The ones that are the worst, are, by far, the ones that should have been prevented. I think two of the most impactful fails I’ve experienced first hand demonstrate both ends of the spectrum. Once, when I was the calling stage manager on the musical Into the Woods, I began Act II without my “actors to places, please” call. I was very young in my career (as in I was about midway through undergrad) and it wasn’t yet habitual. I checked with the orchestra, made sure all of my run crew were in place and put the board ops in standby. I neglected to get confirmation from my deck managers and ASMs to confirm they had actors in place and none of them mentioned it prior to my calls beginning. The orchestra started and the curtain rose and there were no actors onstage. I’ll never ever forget the conductor turning his head around and looking at me with questioning dagger-eyes that said “Where are the performers?!” One by one, the actors entered the stage as if it was their blocking. It was opening night. Luckily everyone just went with it. I’m not sure that the audience really noticed anything off. It was about 15 years ago now and I’ve never made a mistake like that since.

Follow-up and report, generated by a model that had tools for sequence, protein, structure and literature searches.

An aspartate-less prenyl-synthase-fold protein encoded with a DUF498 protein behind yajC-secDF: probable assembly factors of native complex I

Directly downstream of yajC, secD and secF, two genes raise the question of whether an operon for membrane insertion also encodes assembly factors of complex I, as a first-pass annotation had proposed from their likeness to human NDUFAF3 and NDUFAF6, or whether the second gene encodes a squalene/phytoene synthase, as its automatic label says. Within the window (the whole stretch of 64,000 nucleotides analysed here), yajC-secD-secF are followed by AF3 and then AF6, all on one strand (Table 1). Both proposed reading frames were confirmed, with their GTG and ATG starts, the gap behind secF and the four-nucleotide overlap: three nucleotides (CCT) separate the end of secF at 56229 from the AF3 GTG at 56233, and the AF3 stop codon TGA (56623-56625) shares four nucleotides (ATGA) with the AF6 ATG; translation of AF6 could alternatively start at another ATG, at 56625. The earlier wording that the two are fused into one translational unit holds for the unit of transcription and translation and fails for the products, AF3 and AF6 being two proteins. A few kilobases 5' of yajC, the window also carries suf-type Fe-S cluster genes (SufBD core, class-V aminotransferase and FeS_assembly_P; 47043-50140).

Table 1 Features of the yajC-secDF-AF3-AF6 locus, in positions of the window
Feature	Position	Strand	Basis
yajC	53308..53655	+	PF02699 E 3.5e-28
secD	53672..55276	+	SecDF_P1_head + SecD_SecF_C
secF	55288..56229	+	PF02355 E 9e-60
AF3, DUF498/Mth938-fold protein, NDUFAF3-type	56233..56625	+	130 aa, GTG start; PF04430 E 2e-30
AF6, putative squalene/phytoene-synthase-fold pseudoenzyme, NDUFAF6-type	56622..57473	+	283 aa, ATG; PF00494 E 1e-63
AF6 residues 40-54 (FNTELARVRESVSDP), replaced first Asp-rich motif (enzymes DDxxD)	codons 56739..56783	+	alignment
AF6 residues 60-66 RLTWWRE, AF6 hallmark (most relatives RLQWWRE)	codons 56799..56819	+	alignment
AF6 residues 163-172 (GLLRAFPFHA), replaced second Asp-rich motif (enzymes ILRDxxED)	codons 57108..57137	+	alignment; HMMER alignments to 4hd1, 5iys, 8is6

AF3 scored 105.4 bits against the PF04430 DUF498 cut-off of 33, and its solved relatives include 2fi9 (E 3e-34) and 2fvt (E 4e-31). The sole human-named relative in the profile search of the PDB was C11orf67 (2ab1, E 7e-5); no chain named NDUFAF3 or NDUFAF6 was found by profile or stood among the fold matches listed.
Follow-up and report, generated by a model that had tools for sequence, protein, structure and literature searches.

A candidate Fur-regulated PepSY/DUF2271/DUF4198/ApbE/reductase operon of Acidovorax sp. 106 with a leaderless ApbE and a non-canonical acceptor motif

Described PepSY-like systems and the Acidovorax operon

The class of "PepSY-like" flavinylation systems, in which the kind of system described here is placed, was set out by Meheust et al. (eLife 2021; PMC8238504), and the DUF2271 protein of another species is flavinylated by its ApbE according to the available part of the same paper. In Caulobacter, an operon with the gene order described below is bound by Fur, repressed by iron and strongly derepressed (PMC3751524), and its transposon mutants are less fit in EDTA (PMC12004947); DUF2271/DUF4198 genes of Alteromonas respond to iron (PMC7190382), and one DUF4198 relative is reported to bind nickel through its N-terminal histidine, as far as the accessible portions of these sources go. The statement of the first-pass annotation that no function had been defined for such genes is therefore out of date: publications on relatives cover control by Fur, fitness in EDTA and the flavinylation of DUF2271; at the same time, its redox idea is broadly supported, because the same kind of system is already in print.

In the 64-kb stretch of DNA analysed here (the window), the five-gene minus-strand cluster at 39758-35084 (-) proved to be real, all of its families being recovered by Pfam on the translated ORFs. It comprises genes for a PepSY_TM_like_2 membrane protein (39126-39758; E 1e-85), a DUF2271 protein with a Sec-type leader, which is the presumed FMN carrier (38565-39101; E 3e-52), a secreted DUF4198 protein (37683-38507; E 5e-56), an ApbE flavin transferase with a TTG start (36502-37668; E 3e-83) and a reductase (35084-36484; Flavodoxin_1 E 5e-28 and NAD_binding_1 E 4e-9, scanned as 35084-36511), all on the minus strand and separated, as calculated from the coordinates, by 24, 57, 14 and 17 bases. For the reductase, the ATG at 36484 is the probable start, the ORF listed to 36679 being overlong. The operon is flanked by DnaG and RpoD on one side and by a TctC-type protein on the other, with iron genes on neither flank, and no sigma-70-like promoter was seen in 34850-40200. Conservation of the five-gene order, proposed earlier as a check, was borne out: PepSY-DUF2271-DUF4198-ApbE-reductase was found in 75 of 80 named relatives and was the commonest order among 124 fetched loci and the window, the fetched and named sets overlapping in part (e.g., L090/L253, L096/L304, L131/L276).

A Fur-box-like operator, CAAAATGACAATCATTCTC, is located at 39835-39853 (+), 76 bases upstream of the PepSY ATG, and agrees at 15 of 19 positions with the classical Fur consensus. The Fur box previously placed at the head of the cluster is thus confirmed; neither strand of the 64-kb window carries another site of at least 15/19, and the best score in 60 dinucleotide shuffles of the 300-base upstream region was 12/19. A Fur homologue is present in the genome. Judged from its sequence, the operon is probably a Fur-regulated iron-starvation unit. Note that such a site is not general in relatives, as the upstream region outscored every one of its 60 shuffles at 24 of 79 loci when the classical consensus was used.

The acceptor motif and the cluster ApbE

Another example that did not prove to be as smooth was a very important ballet gala. The calling stage manager (not me!) called a blackout right as a prominent ballerina was being lifted into the air above her partner’s head. Not only was it dangerous but it was a major faux pas. The stage manager did not bring lights up to finish out the piece but left us all in the dark. The ballerina stormed off the stage absolutely enraged! It was a horrible thing to witness.
Why do you love theatre/ballet?